Would I find the courage and press on after glimpsing over the “Keyhole” edge? Or would I fearfully turn around, like so many others have done?
“Hell,” I tell myself as we approach it. “If lots of others can find the gumption, so can I!”
We reach the “Keyhole.” Instead of terror, I feel exhilaration. Before us is a spectacular view of mountain ranges in the Rockies. And the trail on the west side leaving the “Keyhole” (known as the Ledges) looks much less narrow than I had been warned about previously.
It is here that we first spot the “bulls eye” red and yellow circles painted on several boulders along the trail. Descriptions I had read earlier led me to believe there was only one such trail marker, and it was in a boulder field near the summit. But we thankfully find a great many markers showing us the way. Without them, it was clear to me that I would make dangerous, mistaken guesses on to which direction to head in trying to find my way.
At the end of the Ledges, we reach a quite long, steep boulder field. I look up and decide the summit is surely reached just beyond this ascent. Near the top of this ascent, there is a quite steep little climb that one must negotiate. Like a number of other climbs we must overcome this day, the climb has few foot- or hand-holds. Somehow I manage to scramble up it. Once at the top, I learn that the Longs summit is NOT just ahead. Instead, we are at the gateway to the next trail section, which has the frightening name of “The Narrows.”
It is said that the final mile and a half to the summit is the most difficult part of the ascent. I soon learn why.
Instead of immediately starting on the Narrows, I must wait several minutes, as a long line of climbers are descending in the opposite direction from me, and the entrance to the Narrows is one-way in width. The group is moving exceptionally slowly, as the descent down the narrow, slick chute I had just ascended is a challenge for those going down this V-shaped passage.
Finally, the entrance is clear and I start on the aptly-named Narrows, which is quite tiny in width (only a few feet wide). And unlike the Ledges, this trail has a much more steep, almost cliff-like drop-off at its edge. It takes my breath away. “I’M GOING TO CLIMB ACROSS THAT????” Worried, I find myself deliberately leaning strongly toward the mountain to feel less like I’ll plummet to my doom down into the rocky valley hundreds of feet below.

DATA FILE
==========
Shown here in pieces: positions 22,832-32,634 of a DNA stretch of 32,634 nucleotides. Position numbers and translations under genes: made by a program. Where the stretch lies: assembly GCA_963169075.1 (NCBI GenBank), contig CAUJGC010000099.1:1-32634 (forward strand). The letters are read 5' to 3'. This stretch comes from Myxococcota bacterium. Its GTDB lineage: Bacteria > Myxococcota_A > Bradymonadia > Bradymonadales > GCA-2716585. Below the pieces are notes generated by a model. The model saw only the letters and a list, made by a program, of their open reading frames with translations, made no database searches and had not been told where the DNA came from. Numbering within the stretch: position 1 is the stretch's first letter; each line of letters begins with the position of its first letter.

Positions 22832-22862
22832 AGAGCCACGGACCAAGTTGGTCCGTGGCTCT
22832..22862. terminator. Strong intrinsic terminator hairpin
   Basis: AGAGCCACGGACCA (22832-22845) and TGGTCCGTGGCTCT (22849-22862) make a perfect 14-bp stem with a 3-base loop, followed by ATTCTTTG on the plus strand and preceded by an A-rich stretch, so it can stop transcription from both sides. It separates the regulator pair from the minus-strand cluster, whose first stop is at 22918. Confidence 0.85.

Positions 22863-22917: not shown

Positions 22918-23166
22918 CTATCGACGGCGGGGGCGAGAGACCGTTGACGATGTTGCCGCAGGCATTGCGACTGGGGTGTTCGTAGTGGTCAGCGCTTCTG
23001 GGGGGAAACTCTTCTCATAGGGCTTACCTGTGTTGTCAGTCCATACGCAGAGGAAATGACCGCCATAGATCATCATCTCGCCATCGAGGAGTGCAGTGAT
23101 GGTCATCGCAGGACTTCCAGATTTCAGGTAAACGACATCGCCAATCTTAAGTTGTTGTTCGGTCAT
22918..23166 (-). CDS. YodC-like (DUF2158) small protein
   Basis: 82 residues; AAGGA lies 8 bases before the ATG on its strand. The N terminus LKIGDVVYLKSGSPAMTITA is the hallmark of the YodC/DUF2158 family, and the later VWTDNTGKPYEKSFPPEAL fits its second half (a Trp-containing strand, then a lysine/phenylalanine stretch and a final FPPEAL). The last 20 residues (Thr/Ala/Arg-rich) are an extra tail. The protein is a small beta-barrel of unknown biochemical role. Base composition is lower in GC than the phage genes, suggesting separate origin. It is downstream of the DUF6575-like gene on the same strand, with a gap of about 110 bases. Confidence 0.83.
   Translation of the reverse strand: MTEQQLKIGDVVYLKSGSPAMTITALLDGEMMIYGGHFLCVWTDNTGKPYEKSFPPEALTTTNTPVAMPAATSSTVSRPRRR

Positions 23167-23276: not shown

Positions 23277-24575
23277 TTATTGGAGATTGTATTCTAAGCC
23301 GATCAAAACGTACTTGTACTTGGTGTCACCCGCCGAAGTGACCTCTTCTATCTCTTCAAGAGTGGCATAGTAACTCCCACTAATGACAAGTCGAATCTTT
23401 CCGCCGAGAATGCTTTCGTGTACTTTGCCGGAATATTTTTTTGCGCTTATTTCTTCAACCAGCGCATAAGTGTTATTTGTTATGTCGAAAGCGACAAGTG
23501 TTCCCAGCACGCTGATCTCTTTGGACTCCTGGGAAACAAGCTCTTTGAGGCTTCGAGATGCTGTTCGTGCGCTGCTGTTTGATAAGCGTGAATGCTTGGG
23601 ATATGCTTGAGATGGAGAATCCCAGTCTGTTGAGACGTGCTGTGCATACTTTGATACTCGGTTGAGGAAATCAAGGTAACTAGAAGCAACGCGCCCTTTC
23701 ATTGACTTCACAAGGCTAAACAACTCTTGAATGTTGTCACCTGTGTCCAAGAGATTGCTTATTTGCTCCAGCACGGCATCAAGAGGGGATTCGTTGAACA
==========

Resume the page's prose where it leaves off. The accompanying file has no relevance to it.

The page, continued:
Several times, I feel nausea. And vertigo. I think to myself about how dangerous it must be to be caught in a thunderstorm while traversing the Narrows. To top it off, I am gasping for air most of the way. Very little oxygen at the elevation we find ourselves at: well over 12,000 feet.
The Narrows turns out to be quite long. And extremely exposed (i.e., very little, if any, protection between the trail edge and the big drop-off). I had earlier convinced myself that this scary-sounding trail would be only 20 or 30 feet in length. But it actually turns out to be much, much longer than that (it seemed like well over a mile in distance to me). It is on the Narrows that one in our group of five tries repeatedly to climb a steep, slippery pitch, but is unable to do so. With deer-in-the-headlights eyes, she loses her nerve and hikes back to the keyhole. Five others could not find the courage either, as our original group of ten had narrowed to five at the trailhead.
Many of the smooth-faced boulders we climb are disconcertingly slick due to spring water issuing from the mountain. I find myself quite surprised by how treacherous some of the very tricky climbs are that I come upon during my assault. That’s me in the yellow rain jacket and Australian Barmah hat in the photo — a little worried about whether I can avoid slipping to my death.
Indeed, 20 days later, a 24-year old man plummeted 150 feet to his death during his traverse of the Narrows.
I had been ready for the tough physical exertion. But nothing could prepare me in advance for the Narrows.
Finally, I am at the end of the Narrows. Above me is about 300 feet of a very steep rock face (a section of the climb known as the “Homestretch”). But instead of feeling dread, I feel relieved. “Once I climb this, I will be at the top of Longs Peak!” I can already see the tiny figures of climbers looking down from the summit. A photo I shot of the Homestretch is to the left.
After almost an hour of hard climbing on the face of the Homestretch, I reach the goal. I am at the summit of Longs Peak — the Top of the World — at 10 a.m.! Slightly more than 5.5 hours after starting the climb.
The views at the summit are 360 degrees of fabulous mountain ranges.